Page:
“I want to ask you a question, but I don’t want to offend you,” the cashier at MeMe’s children’s clothing store said to me in a hesitant way. I knew exactly where she was going with this.
She was about to ask me does your child have Down syndrome?
She must spot some of his physical characteristics that many children with Down syndrome have – lower set ears, less muscle tone in his face, what might appear like bags under his eyes.
This could be a teachable moment, I thought.
Then she leaned far over the counter – I braced myself – and she asked, “Can he really see with those glasses on?” I almost peed in my pants! “Yes,” I said holding back my laughter. “He’s farsighted, and he actually needs them.”
I catch many people staring at Jonah in public, but I often can’t tell if it’s because he is a one year old with thick blue glasses, which is highly uncommon and adorable, or because they can spot his Down syndrome. When I started noticing people staring, I was uncomfortable and automatically assumed they were staring at his features of Down syndrome. I know that before I had Jonah and literally knew nothing of Down syndrome, seeing someone with it would catch me in my tracks. But I was also that person who made a conscious effort not to stare, so it surprised me when people would stare at Jonah. And more times than not, I’ll catch children do a double take. They’ll see Jonah, look away, and then their faces would change as if they’d spotted something unusual and look back as quickly as they could.
Learning to accept their smiles
Often times, after I spot someone staring at Jonah, they look up at me and smile. When he was first born, their smiles upset me and I took them to mean pity. I thought, they must be thinking is she sad, how did this happen to her? I know I’m guilty of thinking this about moms I’ve seen in the past with a child with special needs. But now that I have spent a year with my child with a special need, I am happy in-love with him and it is not as hard as I had first imagined. Now I think to myself, don’t be concerned about what other people might be thinking. You are happy, so simply take their smile for a smile.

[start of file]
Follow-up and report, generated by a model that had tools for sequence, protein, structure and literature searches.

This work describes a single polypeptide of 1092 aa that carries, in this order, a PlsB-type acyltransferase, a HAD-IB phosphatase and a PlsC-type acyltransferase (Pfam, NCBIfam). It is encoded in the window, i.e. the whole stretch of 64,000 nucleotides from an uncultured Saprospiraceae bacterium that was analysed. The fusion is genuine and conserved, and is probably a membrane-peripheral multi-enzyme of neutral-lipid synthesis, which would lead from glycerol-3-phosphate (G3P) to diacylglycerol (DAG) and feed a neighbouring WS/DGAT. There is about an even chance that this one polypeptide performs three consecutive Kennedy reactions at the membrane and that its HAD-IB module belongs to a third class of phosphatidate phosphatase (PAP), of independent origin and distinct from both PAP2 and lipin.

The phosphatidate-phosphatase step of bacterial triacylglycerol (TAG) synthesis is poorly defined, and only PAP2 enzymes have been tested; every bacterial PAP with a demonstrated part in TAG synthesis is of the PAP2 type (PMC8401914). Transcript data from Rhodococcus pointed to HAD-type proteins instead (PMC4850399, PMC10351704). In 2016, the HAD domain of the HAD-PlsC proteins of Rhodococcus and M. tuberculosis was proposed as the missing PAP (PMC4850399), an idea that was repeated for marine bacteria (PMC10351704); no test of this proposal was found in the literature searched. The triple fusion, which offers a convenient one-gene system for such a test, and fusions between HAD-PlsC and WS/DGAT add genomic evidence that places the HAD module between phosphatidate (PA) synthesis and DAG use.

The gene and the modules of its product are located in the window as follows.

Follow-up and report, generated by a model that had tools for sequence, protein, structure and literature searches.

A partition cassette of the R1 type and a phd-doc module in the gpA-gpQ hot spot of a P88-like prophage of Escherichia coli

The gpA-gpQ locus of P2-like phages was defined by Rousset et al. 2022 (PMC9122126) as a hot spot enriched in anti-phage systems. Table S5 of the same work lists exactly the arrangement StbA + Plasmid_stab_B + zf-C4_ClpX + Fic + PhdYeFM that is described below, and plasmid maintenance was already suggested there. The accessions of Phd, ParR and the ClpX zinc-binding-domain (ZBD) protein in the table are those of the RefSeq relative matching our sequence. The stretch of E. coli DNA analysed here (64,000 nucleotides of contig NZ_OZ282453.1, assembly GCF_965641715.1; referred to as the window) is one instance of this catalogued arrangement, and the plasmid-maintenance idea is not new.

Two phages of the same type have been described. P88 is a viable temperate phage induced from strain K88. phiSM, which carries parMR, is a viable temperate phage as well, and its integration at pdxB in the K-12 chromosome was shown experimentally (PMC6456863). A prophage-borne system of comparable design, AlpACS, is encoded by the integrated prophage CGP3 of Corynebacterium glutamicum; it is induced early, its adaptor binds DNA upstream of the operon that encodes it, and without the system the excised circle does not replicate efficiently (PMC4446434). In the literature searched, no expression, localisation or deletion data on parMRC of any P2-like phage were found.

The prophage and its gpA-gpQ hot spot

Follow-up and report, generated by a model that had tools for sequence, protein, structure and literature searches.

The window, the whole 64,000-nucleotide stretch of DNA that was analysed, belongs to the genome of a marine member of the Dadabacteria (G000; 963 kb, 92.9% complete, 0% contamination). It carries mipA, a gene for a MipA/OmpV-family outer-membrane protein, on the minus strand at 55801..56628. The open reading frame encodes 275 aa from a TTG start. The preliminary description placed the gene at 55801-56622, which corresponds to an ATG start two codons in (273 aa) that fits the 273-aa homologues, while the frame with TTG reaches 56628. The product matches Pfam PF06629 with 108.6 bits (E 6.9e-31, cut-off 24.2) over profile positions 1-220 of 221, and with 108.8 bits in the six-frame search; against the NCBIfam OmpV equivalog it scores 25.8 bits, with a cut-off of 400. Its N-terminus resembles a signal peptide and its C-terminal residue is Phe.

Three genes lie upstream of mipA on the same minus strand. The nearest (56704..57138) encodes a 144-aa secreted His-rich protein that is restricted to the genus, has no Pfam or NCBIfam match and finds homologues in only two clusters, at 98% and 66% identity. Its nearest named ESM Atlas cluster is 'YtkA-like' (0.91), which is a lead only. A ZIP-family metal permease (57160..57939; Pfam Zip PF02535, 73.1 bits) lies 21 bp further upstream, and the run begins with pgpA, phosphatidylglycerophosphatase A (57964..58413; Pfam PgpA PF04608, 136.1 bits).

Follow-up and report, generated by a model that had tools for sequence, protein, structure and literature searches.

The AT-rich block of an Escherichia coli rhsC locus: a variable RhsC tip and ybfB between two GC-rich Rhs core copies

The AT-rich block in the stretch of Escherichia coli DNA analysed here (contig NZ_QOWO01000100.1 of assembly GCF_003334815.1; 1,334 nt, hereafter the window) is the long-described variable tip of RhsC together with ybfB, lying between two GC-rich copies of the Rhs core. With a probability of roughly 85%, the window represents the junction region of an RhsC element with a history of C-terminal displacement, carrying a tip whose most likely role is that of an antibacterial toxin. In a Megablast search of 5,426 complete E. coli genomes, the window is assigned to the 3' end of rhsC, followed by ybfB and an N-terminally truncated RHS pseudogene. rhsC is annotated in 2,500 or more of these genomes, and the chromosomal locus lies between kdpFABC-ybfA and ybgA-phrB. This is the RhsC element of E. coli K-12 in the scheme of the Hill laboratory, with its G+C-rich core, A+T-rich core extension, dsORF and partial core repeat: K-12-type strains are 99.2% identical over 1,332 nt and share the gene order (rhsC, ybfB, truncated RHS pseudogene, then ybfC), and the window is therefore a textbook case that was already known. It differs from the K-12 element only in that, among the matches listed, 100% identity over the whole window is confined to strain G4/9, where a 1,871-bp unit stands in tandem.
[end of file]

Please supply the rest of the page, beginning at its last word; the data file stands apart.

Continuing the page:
So now the stares and the double takes don’t upset me. He is a baby, and sometimes people stare at babies. They validate how special he is, that he isn’t just like everyone else. It is hard as a first time mother, especially at the age of 26, to hear that your child has Down syndrome. It’s a shock. It’s totally unexpected and I feared for my son’s future – I still do. But Jonah has put into perspective for my husband and I how lucky he is to be born in an era of acceptance for people with differences. In the past, my doctor would have suggested we institutionalize him, and I know many women who were told this, and some that even complied. Now we know that Down syndrome is the most prevalent genetic disorder in the world, and that its disability is a different rate of development. Children who receive early intervention have a higher success rate, and most will need speech therapy throughout their childhood.
Jonah is one year old and doesn’t crawl yet, but he babbles, stands on his own against furniture, eats solid foods, and can hold his own sippy cup. Jonah will learn at a different rate than his peers and will carry different physical features, but he will learn and succeed.
The most important thing for me as a new mom is to have a support system. NOLA Down Syndrome Moms is a group started by three motivated moms, including myself, to make sure no mom feels alone. We don’t want other moms to be afraid, though we know there is much to be concerned about. Together, we are creating a sisterhood that will provide education and support to first time moms in the hospital or at their home. When you’re a mom and you feel alone, the stares may penetrate you in a negative way. But, from one mom to another, look at them in a positive light. They are most likely curious. It could be a teachable moment.
For information about our NOLA Down Syndrome Moms group, please visit their Facebook page.
Lauren is one of three moms to create NOLA Down Syndrome Moms, an outreach of the Down Syndrome Association of Greater New Orleans. Born in New Orleans and raised in Baton Rouge, Lauren found her way back to New Orleans after hurricane Katrina. She graduated with a Masters in English Writing and Rhetoric from the University of New Orleans and married in 2010. As a steward for philanthropic agencies since adolescence, Lauren has finally found her passion and home in advocating for moms and their children with Down syndrome in the Greater New Orleans area.